Taking Charge of ADHD – The Complete, Authoritative Guide for Parents – Russel A. Barkley

    Now in its third edition, Taking Charge of ADHD is such a valuable resource because of its step-by-step action plan. Barkley introduces an eight-step method designed for children aged 6-to-18. He also shares tips and practical guidance to help parents.

    The book advises readers on how to get an accurate diagnosis for their child. It also covers useful parenting techniques and shows you how taking a reward-based approach often yields better results than punishment.

    The latest edition includes information from new books and resources, making this one of the most up-to-date resources available.

    Mindful Parenting for ADHD: A Guide to Cultivating Calm, Reducing Stress, and Helping Children Thrive – Dr. Mark Bertin

    Calmness can seem like an impossible state when you’re raising an ADHD child. Bertin’s book confronts this fact by introducing techniques parents can use to help a child with ADHD stay calm during challenging moments.

    The book explains the symptoms of ADHD in simple terms. It also helps parents to figure out what their children’s strengths and weaknesses are, allowing them to create better parenting strategies.

    At 256 pages, it’s a lengthy read. But the lessons it contains about mindfulness may help you to create a more harmonious home.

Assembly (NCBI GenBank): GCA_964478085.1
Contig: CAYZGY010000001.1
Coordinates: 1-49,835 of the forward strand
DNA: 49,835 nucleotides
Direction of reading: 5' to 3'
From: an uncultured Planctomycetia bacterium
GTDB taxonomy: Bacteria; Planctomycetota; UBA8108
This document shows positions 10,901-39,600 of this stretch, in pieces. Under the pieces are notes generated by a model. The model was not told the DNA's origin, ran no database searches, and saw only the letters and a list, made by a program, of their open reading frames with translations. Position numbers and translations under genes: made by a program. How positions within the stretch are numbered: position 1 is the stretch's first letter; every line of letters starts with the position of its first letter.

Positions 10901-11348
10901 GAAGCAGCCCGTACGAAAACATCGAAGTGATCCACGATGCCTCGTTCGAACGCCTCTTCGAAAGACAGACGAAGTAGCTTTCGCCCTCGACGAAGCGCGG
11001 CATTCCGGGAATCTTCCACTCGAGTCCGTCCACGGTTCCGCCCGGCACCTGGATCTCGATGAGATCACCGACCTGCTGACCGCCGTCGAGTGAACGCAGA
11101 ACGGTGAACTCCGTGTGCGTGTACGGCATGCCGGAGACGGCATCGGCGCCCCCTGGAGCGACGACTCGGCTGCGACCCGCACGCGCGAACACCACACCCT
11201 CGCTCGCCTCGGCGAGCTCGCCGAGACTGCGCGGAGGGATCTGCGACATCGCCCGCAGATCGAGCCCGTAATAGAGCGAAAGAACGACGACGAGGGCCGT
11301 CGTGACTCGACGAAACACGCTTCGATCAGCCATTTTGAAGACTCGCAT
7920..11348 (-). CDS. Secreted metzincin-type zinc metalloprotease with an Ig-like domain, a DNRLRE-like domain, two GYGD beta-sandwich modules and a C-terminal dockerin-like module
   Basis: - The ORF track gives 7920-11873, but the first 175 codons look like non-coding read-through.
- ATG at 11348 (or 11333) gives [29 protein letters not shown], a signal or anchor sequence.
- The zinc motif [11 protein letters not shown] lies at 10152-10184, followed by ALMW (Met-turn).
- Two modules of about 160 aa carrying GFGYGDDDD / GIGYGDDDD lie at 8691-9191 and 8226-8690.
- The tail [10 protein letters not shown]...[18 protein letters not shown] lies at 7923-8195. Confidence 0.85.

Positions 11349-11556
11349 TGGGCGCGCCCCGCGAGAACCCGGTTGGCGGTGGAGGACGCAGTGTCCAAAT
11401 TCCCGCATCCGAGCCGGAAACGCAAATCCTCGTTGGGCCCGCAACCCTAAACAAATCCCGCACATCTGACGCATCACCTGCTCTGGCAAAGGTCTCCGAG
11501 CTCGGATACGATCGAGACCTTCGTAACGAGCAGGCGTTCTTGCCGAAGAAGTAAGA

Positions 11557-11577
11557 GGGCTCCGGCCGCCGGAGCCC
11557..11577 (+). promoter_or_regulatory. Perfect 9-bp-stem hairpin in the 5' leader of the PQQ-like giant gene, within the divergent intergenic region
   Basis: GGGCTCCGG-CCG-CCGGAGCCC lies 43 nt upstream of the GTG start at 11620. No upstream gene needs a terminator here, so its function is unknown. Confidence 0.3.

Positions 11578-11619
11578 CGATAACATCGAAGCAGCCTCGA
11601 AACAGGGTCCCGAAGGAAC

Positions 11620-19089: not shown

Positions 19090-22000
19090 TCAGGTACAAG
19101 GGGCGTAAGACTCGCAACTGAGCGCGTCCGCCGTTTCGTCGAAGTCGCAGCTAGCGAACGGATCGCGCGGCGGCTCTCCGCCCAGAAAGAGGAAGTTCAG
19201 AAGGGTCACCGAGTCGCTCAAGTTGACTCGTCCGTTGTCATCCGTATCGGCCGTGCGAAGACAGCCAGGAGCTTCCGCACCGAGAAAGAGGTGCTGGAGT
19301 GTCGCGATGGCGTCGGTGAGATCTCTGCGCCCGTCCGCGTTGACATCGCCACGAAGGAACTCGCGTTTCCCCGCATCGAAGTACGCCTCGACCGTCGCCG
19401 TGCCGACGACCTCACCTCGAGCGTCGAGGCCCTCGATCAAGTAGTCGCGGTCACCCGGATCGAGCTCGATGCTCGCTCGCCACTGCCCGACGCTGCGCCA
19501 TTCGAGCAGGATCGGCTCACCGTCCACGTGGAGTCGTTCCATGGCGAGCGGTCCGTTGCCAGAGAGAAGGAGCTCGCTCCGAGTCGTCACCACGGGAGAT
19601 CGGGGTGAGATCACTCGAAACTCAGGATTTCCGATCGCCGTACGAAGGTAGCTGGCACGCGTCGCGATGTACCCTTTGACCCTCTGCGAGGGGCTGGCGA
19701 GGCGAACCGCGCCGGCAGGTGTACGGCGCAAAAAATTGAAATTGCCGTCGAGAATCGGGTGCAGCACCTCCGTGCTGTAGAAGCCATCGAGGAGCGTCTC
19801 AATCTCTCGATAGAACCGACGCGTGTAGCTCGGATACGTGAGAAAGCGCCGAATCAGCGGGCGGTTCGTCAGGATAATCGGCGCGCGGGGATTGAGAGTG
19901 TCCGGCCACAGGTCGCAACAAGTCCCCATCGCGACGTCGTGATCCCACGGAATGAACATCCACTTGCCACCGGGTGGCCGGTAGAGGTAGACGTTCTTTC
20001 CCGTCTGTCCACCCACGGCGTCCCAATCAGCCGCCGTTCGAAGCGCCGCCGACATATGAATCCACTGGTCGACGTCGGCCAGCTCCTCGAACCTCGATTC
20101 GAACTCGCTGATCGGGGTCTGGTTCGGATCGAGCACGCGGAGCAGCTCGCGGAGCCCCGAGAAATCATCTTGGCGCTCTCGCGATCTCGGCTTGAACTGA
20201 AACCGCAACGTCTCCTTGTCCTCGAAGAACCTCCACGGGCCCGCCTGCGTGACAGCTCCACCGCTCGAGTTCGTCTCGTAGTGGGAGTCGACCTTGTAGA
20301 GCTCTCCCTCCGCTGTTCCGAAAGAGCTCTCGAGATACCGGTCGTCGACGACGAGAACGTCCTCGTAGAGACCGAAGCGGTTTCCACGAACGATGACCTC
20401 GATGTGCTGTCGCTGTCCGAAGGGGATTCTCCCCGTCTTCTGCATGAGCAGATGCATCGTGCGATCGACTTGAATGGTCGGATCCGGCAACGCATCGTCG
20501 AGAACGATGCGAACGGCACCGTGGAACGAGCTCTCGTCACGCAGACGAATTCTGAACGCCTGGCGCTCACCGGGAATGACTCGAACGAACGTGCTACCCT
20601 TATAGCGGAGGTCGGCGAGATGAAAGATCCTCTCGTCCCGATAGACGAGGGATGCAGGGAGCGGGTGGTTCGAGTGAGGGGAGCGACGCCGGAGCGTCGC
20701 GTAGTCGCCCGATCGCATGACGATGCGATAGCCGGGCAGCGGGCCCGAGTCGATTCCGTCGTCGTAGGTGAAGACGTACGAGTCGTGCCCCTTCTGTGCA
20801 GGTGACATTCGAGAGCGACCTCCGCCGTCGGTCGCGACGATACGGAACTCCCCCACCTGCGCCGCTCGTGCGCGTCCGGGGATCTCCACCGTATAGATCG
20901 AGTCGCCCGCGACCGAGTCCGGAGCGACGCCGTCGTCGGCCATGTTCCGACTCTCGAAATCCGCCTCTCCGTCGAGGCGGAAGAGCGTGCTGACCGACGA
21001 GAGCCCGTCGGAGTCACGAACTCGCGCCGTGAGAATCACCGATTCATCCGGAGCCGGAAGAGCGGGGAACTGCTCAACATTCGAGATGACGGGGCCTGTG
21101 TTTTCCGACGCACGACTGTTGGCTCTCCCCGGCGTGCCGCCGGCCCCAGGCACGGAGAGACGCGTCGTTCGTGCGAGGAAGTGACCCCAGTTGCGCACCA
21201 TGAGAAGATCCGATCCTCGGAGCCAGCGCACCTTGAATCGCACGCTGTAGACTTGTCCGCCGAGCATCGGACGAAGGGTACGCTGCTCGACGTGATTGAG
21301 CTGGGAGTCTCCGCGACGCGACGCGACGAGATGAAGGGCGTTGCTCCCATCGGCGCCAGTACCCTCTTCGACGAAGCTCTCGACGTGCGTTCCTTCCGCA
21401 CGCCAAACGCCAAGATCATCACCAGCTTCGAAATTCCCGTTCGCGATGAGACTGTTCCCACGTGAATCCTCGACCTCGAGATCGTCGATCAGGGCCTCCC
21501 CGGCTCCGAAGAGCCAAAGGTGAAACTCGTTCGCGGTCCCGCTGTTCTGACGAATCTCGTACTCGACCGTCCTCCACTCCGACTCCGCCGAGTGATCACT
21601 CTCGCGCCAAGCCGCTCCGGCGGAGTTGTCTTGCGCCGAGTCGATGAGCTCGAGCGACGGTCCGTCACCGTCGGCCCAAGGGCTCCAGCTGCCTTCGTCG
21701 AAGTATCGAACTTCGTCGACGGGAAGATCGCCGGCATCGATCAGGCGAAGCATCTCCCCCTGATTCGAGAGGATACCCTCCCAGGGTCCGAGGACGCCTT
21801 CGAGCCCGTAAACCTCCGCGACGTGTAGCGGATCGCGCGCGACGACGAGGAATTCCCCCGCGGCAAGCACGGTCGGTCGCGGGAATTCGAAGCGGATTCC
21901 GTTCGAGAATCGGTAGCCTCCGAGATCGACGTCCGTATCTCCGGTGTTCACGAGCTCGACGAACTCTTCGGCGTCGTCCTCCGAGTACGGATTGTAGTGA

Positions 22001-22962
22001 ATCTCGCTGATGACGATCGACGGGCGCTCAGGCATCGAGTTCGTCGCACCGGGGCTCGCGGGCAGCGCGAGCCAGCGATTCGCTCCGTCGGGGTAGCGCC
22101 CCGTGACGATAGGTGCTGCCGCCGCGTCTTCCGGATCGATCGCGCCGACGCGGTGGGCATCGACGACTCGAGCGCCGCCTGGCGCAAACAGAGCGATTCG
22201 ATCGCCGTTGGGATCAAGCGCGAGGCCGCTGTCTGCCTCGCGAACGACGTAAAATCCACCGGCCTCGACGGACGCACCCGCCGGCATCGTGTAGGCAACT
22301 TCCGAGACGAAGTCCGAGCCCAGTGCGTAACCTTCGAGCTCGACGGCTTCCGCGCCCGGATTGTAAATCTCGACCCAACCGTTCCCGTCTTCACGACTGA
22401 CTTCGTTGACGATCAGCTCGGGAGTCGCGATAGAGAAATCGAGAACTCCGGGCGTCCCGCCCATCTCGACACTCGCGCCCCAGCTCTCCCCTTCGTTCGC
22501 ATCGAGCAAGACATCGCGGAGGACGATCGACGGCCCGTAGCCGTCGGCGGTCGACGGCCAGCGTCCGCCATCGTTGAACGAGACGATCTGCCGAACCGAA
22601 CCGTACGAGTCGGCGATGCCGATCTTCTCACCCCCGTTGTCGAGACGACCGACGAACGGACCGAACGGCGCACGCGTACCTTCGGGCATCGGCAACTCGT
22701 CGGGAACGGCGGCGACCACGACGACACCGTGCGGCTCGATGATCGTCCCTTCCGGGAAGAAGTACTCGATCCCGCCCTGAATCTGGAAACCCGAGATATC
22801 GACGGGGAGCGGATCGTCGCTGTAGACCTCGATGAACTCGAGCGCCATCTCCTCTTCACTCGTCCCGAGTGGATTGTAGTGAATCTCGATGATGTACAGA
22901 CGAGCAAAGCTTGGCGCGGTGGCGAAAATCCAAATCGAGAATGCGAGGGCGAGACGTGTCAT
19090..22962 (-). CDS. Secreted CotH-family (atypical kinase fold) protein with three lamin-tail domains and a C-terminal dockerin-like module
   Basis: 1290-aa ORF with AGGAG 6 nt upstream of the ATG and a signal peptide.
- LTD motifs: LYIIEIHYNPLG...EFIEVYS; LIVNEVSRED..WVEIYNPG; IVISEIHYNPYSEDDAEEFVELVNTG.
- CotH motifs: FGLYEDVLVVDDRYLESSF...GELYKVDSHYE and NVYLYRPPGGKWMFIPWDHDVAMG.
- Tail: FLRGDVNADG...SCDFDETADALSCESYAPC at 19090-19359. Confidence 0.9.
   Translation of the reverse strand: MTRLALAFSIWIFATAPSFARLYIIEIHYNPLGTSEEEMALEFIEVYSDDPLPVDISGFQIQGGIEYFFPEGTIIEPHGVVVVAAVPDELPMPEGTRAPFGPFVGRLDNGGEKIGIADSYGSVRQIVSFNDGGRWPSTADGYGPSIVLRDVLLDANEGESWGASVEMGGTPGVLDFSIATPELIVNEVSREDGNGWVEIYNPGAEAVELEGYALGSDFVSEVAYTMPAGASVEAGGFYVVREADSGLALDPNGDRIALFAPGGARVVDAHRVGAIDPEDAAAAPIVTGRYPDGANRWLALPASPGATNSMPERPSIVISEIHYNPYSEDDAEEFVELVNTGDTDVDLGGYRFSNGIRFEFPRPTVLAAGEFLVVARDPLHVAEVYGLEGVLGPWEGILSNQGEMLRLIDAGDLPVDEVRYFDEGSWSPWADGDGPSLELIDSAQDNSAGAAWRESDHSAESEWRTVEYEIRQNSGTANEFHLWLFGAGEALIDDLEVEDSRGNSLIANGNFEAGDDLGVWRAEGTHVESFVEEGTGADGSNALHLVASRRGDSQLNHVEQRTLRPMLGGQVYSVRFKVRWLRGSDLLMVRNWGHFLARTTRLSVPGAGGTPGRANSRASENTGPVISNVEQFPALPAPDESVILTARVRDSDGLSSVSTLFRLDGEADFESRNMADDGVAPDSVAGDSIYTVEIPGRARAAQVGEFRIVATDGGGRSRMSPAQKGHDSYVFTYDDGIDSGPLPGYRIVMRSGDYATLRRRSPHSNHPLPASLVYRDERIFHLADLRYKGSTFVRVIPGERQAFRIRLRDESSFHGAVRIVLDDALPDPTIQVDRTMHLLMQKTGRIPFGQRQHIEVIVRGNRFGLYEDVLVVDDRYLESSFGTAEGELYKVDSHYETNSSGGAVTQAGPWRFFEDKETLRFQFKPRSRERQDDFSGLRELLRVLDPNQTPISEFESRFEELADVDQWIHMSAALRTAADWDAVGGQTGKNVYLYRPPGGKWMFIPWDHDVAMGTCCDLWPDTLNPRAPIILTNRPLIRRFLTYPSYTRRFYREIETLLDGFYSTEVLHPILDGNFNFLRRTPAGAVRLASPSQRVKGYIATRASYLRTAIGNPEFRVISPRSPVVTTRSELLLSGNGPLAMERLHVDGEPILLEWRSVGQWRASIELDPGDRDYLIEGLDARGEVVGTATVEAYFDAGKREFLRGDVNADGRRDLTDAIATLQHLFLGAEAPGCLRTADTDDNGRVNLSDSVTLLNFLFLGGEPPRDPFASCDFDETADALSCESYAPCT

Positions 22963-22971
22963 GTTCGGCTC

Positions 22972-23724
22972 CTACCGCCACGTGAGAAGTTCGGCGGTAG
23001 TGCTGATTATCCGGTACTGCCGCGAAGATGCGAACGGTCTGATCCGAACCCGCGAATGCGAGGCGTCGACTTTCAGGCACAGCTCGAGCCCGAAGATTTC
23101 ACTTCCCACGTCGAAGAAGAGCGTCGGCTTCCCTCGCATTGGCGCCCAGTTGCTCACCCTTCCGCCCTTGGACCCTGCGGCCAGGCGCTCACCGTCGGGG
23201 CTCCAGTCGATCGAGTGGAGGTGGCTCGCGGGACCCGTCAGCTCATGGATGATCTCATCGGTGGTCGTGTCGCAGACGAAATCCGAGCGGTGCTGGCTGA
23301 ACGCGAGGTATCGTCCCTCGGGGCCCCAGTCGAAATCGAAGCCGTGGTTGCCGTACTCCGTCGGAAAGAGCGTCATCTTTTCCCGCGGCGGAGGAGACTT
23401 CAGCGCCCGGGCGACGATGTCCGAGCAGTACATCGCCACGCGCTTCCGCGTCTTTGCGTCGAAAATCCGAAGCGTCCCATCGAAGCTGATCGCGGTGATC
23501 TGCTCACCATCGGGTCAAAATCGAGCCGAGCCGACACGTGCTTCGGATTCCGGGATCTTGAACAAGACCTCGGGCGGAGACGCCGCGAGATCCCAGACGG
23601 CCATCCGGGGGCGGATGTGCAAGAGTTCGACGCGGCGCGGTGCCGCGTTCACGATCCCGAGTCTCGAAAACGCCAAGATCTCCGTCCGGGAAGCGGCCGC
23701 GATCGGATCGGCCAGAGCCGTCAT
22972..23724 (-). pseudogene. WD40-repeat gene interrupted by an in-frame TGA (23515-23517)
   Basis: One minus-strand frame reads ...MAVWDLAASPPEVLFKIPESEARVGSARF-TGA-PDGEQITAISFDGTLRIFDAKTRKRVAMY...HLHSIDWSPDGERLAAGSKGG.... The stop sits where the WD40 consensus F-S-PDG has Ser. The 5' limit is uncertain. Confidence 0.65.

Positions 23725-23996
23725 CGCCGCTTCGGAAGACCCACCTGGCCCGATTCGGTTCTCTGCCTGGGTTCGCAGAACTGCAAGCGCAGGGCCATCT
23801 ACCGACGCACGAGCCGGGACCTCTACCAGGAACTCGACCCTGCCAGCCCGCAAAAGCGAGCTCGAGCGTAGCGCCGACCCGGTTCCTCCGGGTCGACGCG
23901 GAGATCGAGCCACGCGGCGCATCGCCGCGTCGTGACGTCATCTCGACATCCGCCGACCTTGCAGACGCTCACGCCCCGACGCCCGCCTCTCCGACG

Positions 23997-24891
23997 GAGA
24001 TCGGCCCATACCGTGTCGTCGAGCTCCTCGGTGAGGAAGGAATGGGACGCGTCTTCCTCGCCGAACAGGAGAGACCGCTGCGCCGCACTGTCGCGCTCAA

8 Keys to Parenting Children with ADHD (8 Keys to Mental Health) – Cindy Goldrich

    Practical tools and techniques are often hard to come by when parenting a child with ADHD. Cindy Goldrich aims to solve that problem by using this book to share action plans and useful parenting tools.

    The book covers eight core concepts. Goldrich expands on each of these concepts with non-technical language, explaining what they mean and the challenges they create.

    As a supporter of the idea to “parent the child you have”, Goldrich also provides ways for parents to tailor what they learn to their child.

    Beyond helping parents find ways to calm their children, the book helps them to nurture a child’s strengths. It contains tips for building creativity and helping children stay focused on subjects that motivate them.

    The Out-of-Sync Child: Recognizing and Coping with Sensory Processing Disorder – Carol Stock Kranowitz